I couldn’t be more pleased with Foundations, and highly recommend it over any phonics program I’ve seen or used.

I received the Basic Phonograms cards as a part of an earlier review of the Essentials program. Otherwise, the only other materials I’ve purchased for Middlest are the teacher and student copies of Levels A and B and the Doodling Dragons app on iTunes for $4.99. Teacher copies are $38 each, and student workbooks are $18.

If you are looking for thorough phonics instruction that will totally engage your child, Logic of English Foundations is all that and more.

Up Hill Battles

We’ve been struggling through long vowels with Middlest over the last several weeks. It’s a battle I remember having with Oldest, too, the mental struggle to separate short vowel words from long vowel words. Except Oldest was extremely motivated to learn to read, and Middlest? Middlest likes to play and to be fast.

After several teary lessons, I drew her a picture on our whiteboard, a colorful picture of a little girl at the bottom of a big hill. I explained, as I was drawing, that sometimes in life and in learning we have to go up big hills, like the hill in front of our house. It’s hard work. And sometimes, we have to take breaks. Sometimes, we have to look for other ways to get up the hill. We might have to get off our bicycle and push our way up the hill. But one thing we never do is give up and decide not to go up the hill at all.

Then, I went “back to the drawing board” (or rather, Google and pinterest) to look for new and different ways to teach her this concept. I also called my mom, who is an ever-present wealth of homeschool know-how. We pooled ideas, and I had an inkling of what I needed for Middlest.

I made up a few worksheets from the words in her reader that were giving her trouble. I also made up a few games from resources I’d found on the internet.

Long Vowel practice

 

Marking and reading her words (without pictures, so she can't guess)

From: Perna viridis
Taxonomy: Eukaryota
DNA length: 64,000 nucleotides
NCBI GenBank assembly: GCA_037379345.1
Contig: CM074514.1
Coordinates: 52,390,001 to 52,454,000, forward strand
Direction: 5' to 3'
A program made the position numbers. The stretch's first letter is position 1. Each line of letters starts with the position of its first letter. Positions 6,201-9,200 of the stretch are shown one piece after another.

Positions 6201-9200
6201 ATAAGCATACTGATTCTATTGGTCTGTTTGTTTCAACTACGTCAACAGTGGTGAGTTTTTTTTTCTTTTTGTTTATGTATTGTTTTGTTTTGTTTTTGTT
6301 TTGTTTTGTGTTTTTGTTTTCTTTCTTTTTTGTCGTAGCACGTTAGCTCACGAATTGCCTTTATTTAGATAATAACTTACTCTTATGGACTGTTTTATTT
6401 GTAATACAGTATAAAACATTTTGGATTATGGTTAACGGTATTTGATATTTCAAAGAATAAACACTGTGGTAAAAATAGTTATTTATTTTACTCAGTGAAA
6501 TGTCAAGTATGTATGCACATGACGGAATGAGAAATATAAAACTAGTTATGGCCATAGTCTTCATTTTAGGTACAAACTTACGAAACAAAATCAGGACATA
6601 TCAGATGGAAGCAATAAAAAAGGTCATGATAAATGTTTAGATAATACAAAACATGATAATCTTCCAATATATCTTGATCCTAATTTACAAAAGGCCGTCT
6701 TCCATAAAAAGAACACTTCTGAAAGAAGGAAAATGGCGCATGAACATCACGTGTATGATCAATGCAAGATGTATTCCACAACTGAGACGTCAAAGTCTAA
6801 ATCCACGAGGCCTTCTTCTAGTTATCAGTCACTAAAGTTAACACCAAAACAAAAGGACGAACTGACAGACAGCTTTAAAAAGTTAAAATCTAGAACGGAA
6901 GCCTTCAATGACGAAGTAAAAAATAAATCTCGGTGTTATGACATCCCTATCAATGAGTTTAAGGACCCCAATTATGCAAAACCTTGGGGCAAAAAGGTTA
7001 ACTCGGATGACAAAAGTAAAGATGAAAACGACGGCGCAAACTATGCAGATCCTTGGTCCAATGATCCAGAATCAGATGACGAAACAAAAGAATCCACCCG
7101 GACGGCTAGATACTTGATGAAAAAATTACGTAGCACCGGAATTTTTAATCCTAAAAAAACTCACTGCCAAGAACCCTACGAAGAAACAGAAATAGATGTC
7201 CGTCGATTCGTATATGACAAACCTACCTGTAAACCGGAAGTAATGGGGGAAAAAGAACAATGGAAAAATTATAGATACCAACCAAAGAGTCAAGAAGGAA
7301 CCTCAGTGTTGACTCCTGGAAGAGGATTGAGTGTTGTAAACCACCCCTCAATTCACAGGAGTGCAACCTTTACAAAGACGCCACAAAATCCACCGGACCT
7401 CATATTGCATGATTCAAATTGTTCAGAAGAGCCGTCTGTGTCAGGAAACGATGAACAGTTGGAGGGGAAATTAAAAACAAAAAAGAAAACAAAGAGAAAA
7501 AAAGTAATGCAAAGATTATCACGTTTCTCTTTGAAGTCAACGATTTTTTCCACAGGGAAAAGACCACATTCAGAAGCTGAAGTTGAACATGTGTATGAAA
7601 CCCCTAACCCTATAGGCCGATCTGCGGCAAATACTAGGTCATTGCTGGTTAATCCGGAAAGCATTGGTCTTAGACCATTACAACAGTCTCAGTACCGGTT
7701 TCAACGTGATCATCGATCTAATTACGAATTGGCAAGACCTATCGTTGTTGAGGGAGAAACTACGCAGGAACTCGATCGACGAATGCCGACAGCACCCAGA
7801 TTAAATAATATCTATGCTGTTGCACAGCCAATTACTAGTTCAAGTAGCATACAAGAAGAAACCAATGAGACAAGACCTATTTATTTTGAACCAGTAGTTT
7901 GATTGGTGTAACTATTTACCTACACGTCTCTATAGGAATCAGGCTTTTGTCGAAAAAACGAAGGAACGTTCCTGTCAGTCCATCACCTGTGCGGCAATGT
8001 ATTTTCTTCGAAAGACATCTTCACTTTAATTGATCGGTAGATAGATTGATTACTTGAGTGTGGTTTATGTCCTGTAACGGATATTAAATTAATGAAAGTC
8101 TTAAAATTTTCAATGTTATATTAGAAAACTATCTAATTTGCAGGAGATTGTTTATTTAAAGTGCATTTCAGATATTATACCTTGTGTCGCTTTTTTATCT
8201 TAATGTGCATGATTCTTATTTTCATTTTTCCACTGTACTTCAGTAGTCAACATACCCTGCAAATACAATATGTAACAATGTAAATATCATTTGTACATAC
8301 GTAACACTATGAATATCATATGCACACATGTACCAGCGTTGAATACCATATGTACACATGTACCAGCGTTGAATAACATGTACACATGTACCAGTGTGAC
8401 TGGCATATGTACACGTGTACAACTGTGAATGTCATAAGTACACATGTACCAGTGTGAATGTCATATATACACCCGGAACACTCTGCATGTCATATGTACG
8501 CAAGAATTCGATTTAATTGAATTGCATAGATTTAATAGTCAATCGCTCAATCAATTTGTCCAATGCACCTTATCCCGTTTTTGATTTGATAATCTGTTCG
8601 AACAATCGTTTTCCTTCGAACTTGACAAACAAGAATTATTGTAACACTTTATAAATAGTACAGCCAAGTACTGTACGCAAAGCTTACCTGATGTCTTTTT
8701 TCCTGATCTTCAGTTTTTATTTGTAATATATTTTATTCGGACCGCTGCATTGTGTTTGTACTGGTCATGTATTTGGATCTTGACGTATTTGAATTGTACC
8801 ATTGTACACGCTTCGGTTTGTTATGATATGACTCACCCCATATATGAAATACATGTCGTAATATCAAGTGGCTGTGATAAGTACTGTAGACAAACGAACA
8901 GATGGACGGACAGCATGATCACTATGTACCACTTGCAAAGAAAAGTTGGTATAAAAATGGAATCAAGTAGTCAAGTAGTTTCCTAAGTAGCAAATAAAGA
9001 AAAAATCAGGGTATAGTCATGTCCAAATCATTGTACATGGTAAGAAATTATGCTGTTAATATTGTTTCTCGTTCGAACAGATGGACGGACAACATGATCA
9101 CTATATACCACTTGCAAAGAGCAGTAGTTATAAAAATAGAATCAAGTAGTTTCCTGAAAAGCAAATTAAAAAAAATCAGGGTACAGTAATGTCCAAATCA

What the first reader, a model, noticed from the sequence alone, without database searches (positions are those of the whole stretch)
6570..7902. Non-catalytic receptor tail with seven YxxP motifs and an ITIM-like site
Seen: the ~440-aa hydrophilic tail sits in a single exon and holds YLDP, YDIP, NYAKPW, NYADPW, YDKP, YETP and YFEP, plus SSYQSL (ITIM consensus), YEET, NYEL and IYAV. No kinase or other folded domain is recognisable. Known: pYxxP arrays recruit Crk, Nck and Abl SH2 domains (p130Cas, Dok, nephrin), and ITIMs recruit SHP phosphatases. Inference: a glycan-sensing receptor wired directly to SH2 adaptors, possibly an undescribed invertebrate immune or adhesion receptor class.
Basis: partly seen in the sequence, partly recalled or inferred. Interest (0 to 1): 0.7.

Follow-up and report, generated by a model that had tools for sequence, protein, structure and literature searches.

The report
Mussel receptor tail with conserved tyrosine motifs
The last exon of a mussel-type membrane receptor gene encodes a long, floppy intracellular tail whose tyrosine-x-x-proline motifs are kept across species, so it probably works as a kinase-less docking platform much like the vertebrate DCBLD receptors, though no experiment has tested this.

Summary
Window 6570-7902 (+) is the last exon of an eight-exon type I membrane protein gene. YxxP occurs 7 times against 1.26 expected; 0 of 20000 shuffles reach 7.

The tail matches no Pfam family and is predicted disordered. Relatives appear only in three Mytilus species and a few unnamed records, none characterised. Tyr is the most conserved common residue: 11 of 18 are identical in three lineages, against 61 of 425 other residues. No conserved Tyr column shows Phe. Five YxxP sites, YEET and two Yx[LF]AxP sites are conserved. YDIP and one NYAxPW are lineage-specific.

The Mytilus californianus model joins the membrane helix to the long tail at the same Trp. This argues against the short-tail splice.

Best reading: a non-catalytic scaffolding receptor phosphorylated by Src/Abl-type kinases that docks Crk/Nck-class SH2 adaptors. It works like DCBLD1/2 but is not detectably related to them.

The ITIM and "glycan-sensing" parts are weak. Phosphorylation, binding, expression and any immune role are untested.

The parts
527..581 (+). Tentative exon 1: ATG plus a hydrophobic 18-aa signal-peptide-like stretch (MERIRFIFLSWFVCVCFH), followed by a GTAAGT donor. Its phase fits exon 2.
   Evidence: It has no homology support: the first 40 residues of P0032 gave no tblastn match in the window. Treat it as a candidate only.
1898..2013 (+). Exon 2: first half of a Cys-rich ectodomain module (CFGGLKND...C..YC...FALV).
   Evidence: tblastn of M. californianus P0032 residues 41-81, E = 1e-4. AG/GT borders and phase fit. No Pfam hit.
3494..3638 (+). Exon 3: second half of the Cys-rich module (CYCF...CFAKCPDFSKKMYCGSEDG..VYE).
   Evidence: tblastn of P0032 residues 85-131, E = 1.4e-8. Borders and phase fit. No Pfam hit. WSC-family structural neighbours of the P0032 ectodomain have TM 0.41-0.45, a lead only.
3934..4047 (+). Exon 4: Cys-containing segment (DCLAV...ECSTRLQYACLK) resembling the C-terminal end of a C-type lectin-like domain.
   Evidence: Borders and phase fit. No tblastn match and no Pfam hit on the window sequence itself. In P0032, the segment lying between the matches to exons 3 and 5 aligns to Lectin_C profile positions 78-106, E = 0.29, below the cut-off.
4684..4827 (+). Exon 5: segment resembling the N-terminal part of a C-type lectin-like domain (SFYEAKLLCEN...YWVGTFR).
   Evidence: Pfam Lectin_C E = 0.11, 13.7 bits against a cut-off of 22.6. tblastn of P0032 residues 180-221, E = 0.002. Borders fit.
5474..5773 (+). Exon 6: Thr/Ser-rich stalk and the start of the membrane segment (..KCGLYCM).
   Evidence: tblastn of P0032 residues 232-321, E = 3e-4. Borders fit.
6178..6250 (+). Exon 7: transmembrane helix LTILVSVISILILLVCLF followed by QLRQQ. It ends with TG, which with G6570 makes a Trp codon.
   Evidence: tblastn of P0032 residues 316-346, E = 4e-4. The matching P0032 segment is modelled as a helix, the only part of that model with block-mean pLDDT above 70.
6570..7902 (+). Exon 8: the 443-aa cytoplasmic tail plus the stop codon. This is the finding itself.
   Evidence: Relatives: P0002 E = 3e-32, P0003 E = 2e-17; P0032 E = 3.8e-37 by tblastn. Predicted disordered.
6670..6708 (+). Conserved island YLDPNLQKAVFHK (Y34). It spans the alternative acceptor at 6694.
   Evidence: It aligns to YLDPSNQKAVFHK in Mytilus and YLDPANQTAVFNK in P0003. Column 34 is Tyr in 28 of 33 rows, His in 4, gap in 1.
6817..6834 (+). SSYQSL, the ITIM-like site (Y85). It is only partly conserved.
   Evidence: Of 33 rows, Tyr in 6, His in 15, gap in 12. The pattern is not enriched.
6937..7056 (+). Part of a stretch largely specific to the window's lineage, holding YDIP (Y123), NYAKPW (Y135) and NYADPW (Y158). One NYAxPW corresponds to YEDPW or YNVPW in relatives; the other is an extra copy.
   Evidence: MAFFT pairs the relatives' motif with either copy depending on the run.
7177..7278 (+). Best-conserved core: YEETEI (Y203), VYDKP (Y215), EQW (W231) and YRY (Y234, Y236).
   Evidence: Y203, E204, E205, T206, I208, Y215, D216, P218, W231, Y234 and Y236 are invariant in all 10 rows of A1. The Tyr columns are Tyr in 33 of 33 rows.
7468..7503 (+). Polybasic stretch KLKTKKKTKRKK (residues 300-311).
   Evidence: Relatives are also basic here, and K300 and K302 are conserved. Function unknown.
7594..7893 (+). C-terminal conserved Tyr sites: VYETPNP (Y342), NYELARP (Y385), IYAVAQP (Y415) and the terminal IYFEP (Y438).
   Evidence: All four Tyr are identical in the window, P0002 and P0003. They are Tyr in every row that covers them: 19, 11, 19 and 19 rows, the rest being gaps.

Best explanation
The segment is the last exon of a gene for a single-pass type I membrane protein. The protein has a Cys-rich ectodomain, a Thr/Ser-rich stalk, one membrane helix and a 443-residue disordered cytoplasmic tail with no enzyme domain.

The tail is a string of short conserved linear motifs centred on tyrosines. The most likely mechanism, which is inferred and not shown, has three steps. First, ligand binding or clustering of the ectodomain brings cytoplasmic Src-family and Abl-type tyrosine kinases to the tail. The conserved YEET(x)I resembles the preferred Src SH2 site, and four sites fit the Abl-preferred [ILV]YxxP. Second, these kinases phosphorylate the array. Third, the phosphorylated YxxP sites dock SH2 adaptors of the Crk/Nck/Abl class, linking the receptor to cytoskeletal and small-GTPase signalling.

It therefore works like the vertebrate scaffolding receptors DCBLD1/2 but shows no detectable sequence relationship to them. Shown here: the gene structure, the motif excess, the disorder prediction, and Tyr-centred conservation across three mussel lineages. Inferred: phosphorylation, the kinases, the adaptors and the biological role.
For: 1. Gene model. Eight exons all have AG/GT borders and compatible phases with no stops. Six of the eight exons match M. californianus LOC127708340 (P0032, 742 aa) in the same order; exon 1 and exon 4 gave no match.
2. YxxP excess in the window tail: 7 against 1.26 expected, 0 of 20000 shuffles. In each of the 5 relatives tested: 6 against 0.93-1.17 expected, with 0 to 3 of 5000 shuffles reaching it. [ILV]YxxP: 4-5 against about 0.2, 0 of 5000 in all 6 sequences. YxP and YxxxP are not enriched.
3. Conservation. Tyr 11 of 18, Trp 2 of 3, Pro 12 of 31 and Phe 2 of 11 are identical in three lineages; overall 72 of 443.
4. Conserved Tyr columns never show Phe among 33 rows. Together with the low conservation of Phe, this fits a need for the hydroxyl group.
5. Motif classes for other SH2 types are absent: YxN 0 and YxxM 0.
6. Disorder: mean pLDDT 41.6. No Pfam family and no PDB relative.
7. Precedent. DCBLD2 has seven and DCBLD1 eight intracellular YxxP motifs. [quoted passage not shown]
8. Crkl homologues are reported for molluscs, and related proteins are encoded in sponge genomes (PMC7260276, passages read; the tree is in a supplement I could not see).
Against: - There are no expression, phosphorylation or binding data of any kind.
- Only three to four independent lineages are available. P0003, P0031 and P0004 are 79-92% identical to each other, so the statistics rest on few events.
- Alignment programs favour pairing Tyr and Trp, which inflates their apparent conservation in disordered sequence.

Marking and reading her words (without pictures, so she can’t guess)

By the end of the week, she was making some progress. And by the next week, she was reading her story to Daddy and clipping along through her game, even after I added new cards. But I knew that we really had made some significant progress, when I saw a picture she was drawing at the end of that week.

Look who made it to the top of the hill!
Look who made it to the top of the hill!

It brought me to tears, folks. Those up-hill battles are totally worth it.

 

Finding the windows

There is a very old Christian song I used to sing, “When God closes a door, look for a window.” I’m learning that the same could be said for teaching; when a door closes, you have to look for the open windows.

I actually love that part of teaching. I love the challenge of making something clear to a learner. And one of the things I love best about getting to teach my children is that moment of overcoming with them.

My daughter is a daily challenge. She is extremely independent, and even though she’s only four, I do try to allow her to be as independent as possible with her work. And of course, as with any area of parenting, what worked with one child rarely works with the next. So even though I’ve just been down this road with her brother not much more than a year ago, I’m still teaching it as if for the first time.

For example, I remember my son struggled with some sight words, including the word “the.” To help him, I wrote the word on a post-it-note and hid it in his pockets each day until he finally recognized it. Middlest, however, just couldn’t recognize the word at all. She’d try to sound it out, recognize the “th” sound, and guess “this” every. single. time. I admit that I would get extremely frustrated, and so would Miss Do-It-Herself.

Finally, I started looking for a window.

She wants to sound out the word, so why not give her the tools to sound it out? I gave her two rules: th says th in this; and e says e in me. She immediately read it all by herself—pronouncing it as thee). I figured that eventually she will naturally make the transition to the other pronunciation once she starts recognizing it. But for now, we’ve made it over that hurdle.